How Competitive is Croatia’s Banking System? A Tale of Two Credit Booms and Two Crises
|Authors||Evan Kraft and Ivan Huljak|
|JEL||L51, G28, D40, B21|
banking, competition, Croatia, market structure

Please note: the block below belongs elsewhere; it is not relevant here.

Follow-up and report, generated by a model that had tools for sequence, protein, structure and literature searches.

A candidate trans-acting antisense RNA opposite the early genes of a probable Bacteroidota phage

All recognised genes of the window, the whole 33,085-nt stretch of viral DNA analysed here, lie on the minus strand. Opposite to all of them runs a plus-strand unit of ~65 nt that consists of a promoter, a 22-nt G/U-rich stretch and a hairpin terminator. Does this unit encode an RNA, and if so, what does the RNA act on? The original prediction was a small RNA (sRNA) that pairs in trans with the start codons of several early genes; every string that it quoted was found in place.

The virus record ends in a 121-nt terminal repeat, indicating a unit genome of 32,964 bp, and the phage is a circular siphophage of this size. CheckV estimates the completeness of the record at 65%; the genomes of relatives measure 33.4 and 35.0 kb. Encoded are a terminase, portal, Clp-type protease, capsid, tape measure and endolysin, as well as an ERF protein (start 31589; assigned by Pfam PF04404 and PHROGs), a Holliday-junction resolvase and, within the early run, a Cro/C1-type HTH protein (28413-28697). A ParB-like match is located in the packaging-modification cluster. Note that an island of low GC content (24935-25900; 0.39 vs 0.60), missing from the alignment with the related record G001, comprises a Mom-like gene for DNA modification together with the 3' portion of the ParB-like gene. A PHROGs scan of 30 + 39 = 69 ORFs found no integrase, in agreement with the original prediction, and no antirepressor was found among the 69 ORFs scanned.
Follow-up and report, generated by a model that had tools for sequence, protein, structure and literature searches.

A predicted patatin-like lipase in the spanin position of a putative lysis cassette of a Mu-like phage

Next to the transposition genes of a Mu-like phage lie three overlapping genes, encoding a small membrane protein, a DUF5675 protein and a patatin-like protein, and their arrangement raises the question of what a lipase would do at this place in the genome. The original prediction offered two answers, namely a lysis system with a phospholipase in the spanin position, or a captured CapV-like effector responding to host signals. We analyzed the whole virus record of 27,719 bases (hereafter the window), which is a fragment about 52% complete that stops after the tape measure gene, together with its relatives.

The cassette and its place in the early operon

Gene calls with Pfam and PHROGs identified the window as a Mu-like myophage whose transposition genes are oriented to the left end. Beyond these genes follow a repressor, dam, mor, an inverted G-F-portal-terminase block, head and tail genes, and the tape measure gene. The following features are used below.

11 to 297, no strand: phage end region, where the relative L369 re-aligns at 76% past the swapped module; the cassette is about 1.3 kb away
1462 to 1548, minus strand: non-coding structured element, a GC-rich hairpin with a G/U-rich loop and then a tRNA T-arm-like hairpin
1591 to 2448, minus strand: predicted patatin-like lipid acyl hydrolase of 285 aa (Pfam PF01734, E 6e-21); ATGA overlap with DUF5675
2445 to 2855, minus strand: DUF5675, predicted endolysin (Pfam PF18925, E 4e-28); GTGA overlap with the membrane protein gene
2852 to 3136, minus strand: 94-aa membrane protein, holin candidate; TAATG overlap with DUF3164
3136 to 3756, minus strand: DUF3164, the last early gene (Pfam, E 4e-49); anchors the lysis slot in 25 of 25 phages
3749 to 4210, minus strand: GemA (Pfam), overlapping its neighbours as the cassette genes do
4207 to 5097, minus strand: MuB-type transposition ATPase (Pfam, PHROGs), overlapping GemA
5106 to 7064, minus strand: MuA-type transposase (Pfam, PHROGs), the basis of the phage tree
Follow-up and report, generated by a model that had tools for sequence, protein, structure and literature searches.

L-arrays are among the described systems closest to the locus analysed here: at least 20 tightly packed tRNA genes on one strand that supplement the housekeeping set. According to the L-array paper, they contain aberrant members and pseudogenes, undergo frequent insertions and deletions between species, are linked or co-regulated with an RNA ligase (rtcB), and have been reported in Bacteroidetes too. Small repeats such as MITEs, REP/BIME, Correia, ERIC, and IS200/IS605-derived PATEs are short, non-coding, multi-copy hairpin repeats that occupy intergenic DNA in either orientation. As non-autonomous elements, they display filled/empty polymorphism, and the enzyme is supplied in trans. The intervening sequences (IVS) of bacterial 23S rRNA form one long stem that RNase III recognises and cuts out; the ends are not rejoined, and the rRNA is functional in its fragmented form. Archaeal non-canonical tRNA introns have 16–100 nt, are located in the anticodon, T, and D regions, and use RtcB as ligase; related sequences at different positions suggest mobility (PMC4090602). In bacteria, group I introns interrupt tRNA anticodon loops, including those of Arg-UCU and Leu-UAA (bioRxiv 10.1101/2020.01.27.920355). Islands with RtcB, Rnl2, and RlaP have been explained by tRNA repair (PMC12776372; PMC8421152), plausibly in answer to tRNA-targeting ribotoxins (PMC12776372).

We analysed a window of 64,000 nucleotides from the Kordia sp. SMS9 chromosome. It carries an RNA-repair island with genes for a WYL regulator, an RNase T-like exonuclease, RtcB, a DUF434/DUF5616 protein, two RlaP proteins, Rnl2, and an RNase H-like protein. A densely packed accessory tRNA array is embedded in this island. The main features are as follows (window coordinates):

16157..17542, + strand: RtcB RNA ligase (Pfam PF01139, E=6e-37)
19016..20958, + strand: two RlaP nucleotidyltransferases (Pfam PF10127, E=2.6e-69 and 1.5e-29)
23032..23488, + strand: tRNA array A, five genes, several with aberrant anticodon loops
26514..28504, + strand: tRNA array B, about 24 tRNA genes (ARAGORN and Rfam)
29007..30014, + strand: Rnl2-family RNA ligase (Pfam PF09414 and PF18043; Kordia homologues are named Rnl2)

The paper provides an overview of competition in the Croatian banking market for the 1994-2016 period, updating some results from earlier work but also adding new estimates based on methodological improvements in the literature. While the CR(2) indexes of concentration remained fairly stable after 1998, privatization and acquisitions led to rapid growth of the three next largest banks, so that the CR(5) indexes rose. Other competition measures tend to mirror this, with competitive behavior falling somewhat, but not uniformly. We argue that the largest banks did not always take advantage of the market power they possessed for the purpose of increasing prices. Mark-ups estimated with the Lerner index increased, especially after the onset of the 2008 crisis, but increased margins were the result of marginal costs falling even faster than prices. We do find some association between higher mark-ups and greater inefficiency, creating some support for the “quiet life” hypothesis. However, the strong pace of marginal cost decreases and the passing on of lower costs (and better quality) to consumers, as well as the fact that prices already are at low levels, all temper this conclusion substantially.